Lewisham Labour members have chosen Damien Egan to be their candidate for next May’s mayoral election in the borough – making the councillor red-hot favourite to succeed Sir Steve Bullock as the council’s figurehead.
Unlike Greenwich, which operates a leader and cabinet system, Lewisham is one of a handful of boroughs where residents directly elect a mayor to run the council.
With Bullock stepping down next year after 16 years in the post, Labour members in the borough have been taking part in a very public selection contest to pick his successor.
New Cross councillor Brenda Dacres – a relative latecomer to the contest – came third. Bellingham’s Alan Hall – who rose to prominence after being one of the first to challenge the council’s role in a redevelopment scheme which would have seen land at Millwall Football Club compulsorily purchased – finished a distant fourth. Egan’s fellow cabinet member Paul Maslin, an art gallery owner who sits on the right of the Labour party, came fifth.
Simply picking a candidate will be a relief for the Labour hierarchy in Lewisham who faced delays in holding the poll – Labour members who studied Egan’s campaign material closely will have noticed that one of the leaflets that dropped through their letterbox in late summer featured supporters wrapped up in winter woollies.
Lewisham has been particularly badly hit by government cuts and how the council responds to continuing austerity was one of the main themes of the campaign, along with the housing crisis.
Egan’s promises included bringing council services back in-house and starting “the biggest social house-building programme ever seen in Lewisham, with a minimum of 1,000 new social homes” as well as “a new generation of council-owned homes for private rent, using German-style long-term contracts and rent controls”. He also plans to bring in a policy of never selling council land to housing developers.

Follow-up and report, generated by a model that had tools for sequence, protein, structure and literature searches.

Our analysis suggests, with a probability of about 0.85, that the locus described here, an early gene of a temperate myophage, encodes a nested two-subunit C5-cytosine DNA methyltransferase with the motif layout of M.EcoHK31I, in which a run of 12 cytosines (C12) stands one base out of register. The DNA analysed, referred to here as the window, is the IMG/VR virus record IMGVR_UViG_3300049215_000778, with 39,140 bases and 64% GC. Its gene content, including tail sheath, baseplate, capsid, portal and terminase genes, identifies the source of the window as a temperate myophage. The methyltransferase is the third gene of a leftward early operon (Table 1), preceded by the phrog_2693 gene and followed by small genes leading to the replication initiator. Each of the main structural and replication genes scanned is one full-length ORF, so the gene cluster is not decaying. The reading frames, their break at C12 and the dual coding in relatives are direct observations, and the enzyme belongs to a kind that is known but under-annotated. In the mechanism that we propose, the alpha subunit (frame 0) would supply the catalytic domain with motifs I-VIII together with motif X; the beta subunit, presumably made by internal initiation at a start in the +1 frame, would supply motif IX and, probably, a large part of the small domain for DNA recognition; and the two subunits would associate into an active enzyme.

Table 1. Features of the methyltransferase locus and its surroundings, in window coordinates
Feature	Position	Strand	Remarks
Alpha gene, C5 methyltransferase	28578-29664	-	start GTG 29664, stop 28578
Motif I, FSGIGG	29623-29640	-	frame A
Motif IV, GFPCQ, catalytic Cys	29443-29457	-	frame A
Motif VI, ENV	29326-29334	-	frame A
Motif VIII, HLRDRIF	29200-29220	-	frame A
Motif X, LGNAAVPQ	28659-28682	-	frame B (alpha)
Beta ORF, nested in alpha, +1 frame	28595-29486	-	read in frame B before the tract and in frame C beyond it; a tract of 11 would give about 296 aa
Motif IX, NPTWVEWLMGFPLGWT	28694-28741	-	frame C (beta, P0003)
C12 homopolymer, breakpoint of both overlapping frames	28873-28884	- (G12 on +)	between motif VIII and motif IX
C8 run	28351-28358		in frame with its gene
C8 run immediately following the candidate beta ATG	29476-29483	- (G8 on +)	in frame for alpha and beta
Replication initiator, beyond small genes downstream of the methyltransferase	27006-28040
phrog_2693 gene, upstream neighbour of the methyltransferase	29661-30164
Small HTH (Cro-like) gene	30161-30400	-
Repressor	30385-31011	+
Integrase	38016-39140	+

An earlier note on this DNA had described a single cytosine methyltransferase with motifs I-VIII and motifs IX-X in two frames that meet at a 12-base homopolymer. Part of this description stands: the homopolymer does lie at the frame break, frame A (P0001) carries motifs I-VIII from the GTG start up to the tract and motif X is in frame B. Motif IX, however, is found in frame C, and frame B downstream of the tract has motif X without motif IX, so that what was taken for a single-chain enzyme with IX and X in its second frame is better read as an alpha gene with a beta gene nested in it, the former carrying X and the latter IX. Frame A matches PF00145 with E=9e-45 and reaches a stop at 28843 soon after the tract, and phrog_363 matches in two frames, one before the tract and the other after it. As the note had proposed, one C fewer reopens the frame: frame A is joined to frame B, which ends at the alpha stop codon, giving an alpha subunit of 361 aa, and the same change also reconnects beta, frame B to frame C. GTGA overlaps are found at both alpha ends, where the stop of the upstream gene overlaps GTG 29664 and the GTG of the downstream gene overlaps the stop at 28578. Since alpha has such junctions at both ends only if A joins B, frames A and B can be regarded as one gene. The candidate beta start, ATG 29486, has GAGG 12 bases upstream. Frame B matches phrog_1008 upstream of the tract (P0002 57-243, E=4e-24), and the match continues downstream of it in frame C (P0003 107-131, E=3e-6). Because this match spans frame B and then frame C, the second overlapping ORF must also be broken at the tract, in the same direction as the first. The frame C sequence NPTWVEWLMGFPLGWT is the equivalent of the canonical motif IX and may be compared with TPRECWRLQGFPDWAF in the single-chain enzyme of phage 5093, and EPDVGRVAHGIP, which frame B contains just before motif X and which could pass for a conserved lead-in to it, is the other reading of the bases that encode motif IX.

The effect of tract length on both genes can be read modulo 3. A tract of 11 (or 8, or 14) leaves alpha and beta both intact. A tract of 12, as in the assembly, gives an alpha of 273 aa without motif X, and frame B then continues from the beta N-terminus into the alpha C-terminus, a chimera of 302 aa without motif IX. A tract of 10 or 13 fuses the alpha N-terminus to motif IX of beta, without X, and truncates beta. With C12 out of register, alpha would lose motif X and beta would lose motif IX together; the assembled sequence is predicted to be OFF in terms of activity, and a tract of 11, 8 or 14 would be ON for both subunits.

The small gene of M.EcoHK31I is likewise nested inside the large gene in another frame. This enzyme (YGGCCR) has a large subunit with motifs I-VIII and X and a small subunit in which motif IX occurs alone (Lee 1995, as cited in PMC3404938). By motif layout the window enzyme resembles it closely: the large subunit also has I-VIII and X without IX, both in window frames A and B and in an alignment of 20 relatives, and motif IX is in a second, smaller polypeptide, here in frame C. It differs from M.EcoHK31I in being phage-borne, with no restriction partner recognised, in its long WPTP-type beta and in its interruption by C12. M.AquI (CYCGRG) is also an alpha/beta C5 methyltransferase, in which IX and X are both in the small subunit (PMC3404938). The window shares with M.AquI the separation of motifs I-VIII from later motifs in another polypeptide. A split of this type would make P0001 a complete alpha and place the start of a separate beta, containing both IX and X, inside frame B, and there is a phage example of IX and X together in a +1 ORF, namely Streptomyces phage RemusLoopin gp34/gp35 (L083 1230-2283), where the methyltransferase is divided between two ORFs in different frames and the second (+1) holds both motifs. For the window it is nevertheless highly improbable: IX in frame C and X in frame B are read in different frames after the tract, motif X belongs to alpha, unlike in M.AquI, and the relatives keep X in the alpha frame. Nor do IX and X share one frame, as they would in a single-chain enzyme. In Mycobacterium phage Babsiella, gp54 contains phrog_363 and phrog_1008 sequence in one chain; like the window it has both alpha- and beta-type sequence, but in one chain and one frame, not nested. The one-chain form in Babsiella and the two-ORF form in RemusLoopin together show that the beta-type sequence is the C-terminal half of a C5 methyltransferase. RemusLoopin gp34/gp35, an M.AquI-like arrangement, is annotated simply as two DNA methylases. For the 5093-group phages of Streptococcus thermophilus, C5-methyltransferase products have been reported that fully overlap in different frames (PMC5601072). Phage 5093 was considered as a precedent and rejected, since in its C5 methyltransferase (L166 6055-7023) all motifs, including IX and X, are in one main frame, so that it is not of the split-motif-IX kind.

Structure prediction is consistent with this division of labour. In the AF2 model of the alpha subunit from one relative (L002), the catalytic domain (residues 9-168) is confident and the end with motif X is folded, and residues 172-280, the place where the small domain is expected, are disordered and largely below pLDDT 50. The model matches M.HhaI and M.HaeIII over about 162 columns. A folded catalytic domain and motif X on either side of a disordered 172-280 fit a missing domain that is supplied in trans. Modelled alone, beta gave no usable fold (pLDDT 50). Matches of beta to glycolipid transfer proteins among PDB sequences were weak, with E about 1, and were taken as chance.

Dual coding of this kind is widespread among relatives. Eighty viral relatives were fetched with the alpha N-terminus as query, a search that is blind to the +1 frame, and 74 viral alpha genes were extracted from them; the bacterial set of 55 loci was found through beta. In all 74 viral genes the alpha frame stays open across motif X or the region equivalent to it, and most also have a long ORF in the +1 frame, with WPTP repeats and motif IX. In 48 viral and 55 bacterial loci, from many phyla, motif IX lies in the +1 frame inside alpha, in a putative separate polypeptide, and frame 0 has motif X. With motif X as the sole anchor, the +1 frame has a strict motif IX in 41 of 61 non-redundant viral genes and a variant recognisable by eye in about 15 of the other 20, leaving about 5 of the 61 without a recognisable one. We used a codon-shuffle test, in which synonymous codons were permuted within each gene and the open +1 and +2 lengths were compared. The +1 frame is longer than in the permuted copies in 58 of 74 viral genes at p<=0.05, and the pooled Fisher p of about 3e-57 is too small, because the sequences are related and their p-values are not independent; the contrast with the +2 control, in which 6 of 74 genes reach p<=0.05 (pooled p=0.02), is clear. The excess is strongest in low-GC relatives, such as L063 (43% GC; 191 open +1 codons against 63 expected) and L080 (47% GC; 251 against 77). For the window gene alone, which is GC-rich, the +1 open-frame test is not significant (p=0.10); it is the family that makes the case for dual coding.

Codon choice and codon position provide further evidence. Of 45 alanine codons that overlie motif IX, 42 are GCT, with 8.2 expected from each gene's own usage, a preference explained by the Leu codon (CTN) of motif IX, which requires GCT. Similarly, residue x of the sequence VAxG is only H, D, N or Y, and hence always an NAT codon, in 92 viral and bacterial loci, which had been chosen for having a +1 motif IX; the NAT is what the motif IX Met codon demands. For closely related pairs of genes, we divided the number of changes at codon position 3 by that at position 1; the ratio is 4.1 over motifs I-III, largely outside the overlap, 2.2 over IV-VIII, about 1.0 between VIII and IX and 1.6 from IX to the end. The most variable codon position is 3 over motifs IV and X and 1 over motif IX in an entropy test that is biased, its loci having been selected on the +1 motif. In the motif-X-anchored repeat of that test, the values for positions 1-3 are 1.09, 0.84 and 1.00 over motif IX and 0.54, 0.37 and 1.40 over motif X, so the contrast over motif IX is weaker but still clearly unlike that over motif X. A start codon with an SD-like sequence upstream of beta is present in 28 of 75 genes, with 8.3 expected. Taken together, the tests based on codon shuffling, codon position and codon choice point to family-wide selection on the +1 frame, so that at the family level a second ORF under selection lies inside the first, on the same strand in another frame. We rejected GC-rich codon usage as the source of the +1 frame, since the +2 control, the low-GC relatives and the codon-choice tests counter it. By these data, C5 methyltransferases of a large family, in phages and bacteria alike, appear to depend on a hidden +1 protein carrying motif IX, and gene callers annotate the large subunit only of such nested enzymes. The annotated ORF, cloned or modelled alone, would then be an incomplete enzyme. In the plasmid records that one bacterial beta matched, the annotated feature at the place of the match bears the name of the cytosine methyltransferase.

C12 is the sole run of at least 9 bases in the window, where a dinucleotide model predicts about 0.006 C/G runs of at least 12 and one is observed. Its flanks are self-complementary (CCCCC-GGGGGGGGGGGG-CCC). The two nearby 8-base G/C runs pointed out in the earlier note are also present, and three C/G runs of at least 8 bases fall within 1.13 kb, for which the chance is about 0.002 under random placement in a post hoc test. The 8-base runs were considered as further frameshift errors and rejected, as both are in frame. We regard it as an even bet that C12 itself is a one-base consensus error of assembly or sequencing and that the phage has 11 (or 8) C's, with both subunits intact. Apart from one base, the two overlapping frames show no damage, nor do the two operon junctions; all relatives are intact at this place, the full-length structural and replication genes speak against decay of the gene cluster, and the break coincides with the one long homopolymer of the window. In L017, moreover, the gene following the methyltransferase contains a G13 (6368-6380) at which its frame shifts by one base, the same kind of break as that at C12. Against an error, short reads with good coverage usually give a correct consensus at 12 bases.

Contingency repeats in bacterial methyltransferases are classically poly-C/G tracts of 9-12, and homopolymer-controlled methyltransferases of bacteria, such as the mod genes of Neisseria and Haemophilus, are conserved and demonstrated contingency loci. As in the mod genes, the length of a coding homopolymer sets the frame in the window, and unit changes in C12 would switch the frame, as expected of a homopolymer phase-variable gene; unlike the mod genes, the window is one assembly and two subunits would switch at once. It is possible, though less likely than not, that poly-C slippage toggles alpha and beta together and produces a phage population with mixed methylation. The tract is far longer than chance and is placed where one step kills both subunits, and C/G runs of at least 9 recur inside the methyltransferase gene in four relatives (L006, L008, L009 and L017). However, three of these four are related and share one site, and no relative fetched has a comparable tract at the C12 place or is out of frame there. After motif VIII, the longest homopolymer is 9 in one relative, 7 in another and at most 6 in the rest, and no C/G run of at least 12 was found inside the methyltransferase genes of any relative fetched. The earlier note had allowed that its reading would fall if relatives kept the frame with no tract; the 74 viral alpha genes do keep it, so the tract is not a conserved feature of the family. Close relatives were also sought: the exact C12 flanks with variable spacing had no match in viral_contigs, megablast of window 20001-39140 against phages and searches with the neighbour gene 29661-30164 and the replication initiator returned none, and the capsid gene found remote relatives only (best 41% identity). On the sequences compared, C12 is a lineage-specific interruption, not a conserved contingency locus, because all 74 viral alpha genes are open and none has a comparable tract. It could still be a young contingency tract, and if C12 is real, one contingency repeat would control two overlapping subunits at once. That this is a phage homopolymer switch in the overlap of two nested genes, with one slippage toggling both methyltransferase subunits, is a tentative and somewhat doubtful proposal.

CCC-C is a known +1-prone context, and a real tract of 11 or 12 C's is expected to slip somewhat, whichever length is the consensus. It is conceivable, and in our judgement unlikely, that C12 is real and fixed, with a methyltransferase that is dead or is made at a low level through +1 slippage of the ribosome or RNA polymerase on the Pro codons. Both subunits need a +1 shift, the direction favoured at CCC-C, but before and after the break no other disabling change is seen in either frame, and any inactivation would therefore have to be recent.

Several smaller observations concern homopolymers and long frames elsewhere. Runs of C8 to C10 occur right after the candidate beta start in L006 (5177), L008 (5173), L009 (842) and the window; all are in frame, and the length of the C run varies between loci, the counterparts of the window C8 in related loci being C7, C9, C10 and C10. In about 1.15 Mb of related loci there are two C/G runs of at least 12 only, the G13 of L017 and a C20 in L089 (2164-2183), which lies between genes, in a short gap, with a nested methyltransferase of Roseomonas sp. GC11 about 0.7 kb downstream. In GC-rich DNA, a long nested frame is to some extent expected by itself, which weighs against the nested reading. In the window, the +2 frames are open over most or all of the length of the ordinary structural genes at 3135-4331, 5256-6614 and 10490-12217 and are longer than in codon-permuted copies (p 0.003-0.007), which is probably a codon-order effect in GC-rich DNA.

The row over Millwall also loomed over the election – with only Maslin standing by plans to hand over part of the club’s land to Renewal, a development company with links to former council leader Dave Sullivan and ex-council officer Mushtaq Malik. Egan has pledged to end the deal.
Campaigners say the Millwall row showed Bullock wielded too much power, with Paul Bell pledging a review of the mayoral system, with an eye to moving to a system where decisions are taken by committees.
However, that mayoral system – at least as practised in Lewisham, where the mayor controls the council but not councillors – also enabled scrutiny of the Millwall deal, giving Alan Hall as chair of the council’s main scrutiny panel the freedom to blow the whistle on the scheme.
It’s difficult to imagine any councillor in Greenwich calling out a poor decision by their council leadership in such a public way without fear of personal sanction, even on a scrutiny panel.
Hall – an affable character who even secured the endorsement of his local pub, the Blythe Hill Tavern – may have scored poorly in the poll, he can at least be satisfied that he made almost as big an impact on the contest as the eventual victor.
Viewed from Greenwich – where there is little discussion about the direction of the borough – the cut and thrust of the mayoral debate can look refreshing, even if it proved uncomfortable at times for the candidates: Paul Bell’s views on Syria and the EU were given a forensic going-over by opponents.
But the discussion has at least anchored the Labour cause in Lewisham to the party’s values – or at least helped them figure out just what they are these days. And it also provided honesty about the council’s failings, with the Lewisham Gateway development scheme – the towers by the station – coming in for criticism at hustings.
Greenwich has never been keen on the mayoral system – with former leader Chris Roberts once comparing it to abolishing the monarchy. But with Greenwich Labour currently selecting its own councillors for next year’s poll, there is some food for thought in the contest just completed over the border.
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